In April 2018, Siemens Mobility, Tri Tool, Garner Products and other companies formed a leadership team to kick off the Sacramento Valley Manufacturing Initiative. By October, an SVMI workforce committee offered a six-week pre-apprenticeship boot camp on CNC machining that attracted 14 participants, most in their mid-30s. Instructors were provided by several companies, including Garner Products, the data security equipment manufacturer. The payoff was immediate: The company hired one of the course graduates in its machine shop who’s done an “awesome job,” says Stofan.
SVMI, which now has 35 member companies, also is on an outreach blitz that includes company visits to high schools, student tours of facilities, booths at community events and skills training for high-school industrial arts teachers. SVMI members are on high school and community college career tech-ed advisory committees, and SVMI Vice President Joe Wernette has advised the Folsom Cordova district on CNC machine purchases, says Caddell.
Residential construction’s skills crisis is a few years older, as are the industry’s efforts. The recession cut the workforce in the Sacramento metro region by 30,000 people from 2007 to 2011, and many left for good. The region’s dire shortage of housing makes it urgent to ramp back up. Because contractors were continually hiring away from one another, the Northstate Building Industry Foundation launched a campaign in 2016 to get 5,000 new residential construction workers on the job by 2021.
That led to a flurry of training and marketing activities. In the effort’s first year, participating companies provided 82 home-building internships to high school juniors and seniors, and four companies led 24 after-school workshops for students on the basics of building. That led to 1,200 new hires in the first year, the foundation calculates.
Part of that outreach has been geared toward rebranding construction as a career path. “These are really good jobs for somebody who doesn’t want to spend four years and go into massive debt,” says Vargas. The other part is convincing more companies to get on board with the effort. “It’s our responsibility as an industry to get our own workers and to compete with everybody else to make a case that we’re the best industry with the best kind of jobs,” says Rick Larkey, executive director of the Roseville-based North State Building Industry Foundation.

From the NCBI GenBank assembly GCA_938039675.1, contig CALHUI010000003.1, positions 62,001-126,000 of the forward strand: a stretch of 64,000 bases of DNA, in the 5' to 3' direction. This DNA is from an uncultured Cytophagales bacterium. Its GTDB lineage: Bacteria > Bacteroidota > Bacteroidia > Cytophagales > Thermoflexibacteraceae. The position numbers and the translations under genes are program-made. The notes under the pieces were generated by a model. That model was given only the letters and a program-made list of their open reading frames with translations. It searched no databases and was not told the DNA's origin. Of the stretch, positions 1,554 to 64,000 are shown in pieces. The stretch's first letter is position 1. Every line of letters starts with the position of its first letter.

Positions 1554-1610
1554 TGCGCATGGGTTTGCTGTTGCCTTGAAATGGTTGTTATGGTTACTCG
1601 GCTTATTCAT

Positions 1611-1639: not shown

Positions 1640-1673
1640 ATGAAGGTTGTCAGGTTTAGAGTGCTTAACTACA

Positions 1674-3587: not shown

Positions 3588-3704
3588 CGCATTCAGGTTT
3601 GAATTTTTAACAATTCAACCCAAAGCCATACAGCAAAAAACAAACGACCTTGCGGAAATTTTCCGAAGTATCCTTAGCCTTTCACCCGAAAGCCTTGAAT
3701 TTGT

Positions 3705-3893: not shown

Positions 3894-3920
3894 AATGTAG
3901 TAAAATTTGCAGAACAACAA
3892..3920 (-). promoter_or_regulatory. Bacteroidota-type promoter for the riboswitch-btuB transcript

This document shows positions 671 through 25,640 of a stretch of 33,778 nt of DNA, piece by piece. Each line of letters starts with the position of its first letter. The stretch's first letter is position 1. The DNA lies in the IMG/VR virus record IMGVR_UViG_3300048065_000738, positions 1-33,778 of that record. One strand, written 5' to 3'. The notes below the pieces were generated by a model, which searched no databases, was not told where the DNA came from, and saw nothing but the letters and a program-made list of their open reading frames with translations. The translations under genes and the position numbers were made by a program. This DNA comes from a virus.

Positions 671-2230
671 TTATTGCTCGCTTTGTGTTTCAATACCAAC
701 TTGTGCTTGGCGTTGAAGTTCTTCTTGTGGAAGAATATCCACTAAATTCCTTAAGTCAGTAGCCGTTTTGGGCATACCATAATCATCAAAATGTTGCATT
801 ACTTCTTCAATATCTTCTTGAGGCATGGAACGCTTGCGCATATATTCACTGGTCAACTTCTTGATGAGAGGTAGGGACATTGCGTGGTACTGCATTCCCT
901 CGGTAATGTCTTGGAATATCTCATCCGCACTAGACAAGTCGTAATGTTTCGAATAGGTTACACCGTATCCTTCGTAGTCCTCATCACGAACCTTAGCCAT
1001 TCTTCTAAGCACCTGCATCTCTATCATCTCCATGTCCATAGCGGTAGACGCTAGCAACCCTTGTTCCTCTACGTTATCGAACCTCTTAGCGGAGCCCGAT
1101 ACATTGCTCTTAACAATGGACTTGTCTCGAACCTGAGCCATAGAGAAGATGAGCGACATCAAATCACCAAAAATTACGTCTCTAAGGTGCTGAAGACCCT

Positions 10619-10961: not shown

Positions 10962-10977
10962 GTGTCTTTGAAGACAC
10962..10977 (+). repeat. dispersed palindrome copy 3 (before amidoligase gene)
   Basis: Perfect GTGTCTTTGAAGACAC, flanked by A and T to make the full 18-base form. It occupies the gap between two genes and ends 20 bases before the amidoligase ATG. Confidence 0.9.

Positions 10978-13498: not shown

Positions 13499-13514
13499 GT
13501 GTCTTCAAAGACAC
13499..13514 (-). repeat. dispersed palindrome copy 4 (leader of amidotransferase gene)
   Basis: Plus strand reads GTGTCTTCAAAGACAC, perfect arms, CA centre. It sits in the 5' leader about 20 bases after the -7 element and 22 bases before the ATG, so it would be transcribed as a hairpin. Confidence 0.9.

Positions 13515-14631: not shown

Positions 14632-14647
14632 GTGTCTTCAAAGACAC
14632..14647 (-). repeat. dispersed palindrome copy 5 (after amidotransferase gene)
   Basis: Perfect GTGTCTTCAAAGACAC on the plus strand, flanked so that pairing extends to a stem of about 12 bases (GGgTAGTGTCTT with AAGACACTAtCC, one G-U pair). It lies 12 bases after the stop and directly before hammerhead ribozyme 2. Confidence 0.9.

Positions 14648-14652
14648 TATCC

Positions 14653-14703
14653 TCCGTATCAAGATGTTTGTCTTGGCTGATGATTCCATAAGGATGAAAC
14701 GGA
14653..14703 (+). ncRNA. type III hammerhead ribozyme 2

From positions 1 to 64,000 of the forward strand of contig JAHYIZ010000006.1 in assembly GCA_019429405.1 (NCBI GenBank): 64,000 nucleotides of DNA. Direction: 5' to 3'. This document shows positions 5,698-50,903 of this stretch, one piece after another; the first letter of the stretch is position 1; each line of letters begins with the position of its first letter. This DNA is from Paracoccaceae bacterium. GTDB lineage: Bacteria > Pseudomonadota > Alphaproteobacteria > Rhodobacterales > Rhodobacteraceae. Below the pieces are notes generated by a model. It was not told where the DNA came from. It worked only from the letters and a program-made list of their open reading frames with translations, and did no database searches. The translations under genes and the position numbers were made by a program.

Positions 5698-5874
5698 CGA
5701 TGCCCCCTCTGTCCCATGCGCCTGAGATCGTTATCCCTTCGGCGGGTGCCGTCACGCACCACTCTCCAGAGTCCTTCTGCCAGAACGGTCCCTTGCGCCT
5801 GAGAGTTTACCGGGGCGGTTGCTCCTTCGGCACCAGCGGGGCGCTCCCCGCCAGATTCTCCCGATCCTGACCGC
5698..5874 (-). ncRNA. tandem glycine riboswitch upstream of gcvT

SKILLS GAP OR PAY GAP?
For all of that, there’s a knotty economic problem: how to boost wages enough to attract people to these fields while competing on price with companies in lower-cost areas and, sometimes, countries.
A few labor economists contend the blue-collar skills problem is in part a wage problem given that rates for many of the key occupations aren’t increasing significantly. According to California Employment Development Department data, from 2004 to 2018 average real wages in the four-county Sacramento metro area actually fell for CNC tool operators and CNC programmers. (An EDD spokesperson says figures for the CNC programmer category aren’t as reliable as others, given the small number of programmers available to survey. Also, the 2004 EDD data exclude Yolo County because of a 2006 change in the metro area’s definition.) Wages for welders, machinists and tool and die makers outpaced inflation. Earnings for all of these jobs were well above the living wage for a single adult but in most cases not enough for an adult with a child at home.